Rare meeting between Hamas chief and Saudi King may signal warming relations

"The delegation discussed Palestinian unity and the political situation in the region. This meeting will hopefully develop relations between Hamas and Saudi Arabia," the source told Reuters.

By REUTERS
July 17, 2015 10:56
1 minute read.
Hamas leader Khaled Mashaal speaks during an interview with Reuters in Doha

Hamas leader Khaled Mashaal speaks during an interview with Reuters in Doha. (photo credit: REUTERS)

 
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Hamas chief Khaled Meshaal and other top officials from the Palestinian militant group met with Saudi Arabia's King Salman and senior Saudi leaders on Friday, a Hamas source said, in the first meeting between the two sides for years.

The meeting brought together top members of Hamas political wing with the Saudi king, crown prince and defense minister in a possible rapprochement between the conservative United States-allied kingdom and the traditionally Iran-allied party.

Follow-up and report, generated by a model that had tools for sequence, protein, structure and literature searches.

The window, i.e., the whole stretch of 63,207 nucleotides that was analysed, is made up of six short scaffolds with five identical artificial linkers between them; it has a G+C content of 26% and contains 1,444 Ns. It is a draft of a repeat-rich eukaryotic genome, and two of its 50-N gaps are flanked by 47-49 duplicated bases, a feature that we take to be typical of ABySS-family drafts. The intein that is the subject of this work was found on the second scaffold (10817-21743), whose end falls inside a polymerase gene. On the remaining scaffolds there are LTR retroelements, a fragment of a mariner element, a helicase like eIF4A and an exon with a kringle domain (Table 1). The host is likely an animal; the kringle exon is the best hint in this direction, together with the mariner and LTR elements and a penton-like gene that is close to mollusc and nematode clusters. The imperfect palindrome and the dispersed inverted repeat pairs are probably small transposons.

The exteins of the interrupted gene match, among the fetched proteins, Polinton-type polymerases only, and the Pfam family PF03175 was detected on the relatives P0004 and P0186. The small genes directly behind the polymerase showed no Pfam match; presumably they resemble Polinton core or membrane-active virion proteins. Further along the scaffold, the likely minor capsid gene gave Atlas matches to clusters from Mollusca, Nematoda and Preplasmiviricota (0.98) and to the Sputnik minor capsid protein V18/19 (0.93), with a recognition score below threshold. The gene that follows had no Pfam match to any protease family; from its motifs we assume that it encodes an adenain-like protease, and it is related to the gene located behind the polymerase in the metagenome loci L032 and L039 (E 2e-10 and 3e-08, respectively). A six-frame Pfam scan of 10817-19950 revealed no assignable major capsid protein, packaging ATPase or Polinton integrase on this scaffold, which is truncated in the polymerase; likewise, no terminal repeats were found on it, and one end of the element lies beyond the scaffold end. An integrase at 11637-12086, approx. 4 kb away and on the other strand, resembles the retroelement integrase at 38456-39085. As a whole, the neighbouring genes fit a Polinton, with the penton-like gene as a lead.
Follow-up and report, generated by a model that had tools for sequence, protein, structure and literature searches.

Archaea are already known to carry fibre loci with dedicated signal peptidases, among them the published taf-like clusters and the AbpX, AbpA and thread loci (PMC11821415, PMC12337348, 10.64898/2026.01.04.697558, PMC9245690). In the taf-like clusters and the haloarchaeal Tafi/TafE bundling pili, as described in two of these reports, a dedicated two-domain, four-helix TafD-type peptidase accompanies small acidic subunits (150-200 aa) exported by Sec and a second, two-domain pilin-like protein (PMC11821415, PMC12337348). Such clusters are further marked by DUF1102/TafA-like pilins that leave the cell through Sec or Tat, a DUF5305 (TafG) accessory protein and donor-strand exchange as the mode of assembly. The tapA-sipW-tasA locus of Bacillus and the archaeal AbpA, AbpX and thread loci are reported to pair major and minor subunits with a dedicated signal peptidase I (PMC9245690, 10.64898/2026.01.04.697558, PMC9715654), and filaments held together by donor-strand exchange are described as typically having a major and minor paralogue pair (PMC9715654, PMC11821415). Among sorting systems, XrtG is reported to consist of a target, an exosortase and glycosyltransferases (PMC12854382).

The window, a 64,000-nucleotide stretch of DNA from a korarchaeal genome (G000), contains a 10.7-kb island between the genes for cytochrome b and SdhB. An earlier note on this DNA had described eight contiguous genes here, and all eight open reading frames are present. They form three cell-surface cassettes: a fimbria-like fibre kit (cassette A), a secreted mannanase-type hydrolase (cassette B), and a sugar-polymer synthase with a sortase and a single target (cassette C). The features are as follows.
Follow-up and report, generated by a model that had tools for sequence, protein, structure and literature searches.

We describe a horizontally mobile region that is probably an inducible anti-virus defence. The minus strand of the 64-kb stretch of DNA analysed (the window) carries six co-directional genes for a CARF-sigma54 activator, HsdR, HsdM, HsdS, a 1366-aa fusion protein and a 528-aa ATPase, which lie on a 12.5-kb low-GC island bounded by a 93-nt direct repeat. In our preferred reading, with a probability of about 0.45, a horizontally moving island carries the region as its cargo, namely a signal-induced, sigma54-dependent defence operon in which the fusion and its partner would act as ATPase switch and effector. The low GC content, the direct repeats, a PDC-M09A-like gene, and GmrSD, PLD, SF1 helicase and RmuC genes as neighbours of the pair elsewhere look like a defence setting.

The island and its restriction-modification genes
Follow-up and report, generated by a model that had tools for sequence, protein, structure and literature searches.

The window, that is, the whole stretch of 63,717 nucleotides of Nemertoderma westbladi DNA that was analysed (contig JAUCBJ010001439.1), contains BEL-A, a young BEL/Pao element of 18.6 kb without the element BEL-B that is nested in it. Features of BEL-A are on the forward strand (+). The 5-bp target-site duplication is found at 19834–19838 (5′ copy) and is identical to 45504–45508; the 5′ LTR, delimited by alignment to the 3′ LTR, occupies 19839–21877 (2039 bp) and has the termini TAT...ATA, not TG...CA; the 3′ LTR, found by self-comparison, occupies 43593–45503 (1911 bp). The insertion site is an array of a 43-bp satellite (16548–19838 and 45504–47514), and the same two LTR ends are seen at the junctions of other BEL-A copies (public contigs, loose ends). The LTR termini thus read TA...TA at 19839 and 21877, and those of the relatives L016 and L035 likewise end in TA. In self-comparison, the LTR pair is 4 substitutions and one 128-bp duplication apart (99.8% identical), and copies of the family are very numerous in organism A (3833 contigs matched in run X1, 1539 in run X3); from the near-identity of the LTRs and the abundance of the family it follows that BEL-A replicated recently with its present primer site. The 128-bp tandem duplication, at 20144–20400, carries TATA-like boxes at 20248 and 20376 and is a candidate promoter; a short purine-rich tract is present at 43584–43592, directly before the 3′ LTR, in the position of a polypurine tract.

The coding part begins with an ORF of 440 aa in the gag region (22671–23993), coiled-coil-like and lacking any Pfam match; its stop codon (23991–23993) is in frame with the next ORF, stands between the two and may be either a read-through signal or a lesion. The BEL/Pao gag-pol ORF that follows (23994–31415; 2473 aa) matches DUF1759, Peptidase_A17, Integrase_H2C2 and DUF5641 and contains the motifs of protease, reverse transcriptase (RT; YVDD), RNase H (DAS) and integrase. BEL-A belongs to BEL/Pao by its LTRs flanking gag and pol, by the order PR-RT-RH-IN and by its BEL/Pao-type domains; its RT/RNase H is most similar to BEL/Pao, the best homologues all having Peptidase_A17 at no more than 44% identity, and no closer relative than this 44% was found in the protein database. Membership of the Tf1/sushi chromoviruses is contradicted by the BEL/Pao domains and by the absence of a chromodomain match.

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"The delegation discussed Palestinian unity and the political situation in the region. This meeting will hopefully develop relations between Hamas and Saudi Arabia," the source told Reuters.

Hamas has ruled the Gaza Strip since 2007 after fighting a brief and bloody civil war with Palestinian rivals in Fatah and has fought three wars with Israel, which it has vowed to destroy.



The group was jolted by civil war and rivalries in the wake of the Arab Spring in 2011 and relations with Iran soured over its refusal that year to back Tehran's ally, Syrian President Bashar Assad, in his war against mainly Islamist rebels.

Much of Hamas's senior leadership decamped to Qatar, but the tiny gas-rich state was under pressure from fellow Gulf Arab countries to reduce its support for Islamist groups.

Relations between Hamas and Saudi Arabia have improved since Salman assumed the Saudi throne in January and the kingdom has taken on a newly assertive posture in the region.



Saudi Arabia has led an Arab military intervention in Yemen and is fiercely opposed to what it views as Iranian encroachment in the Arab world, despite a deal agreed this week between Tehran and world powers over its disputed nuclear program.

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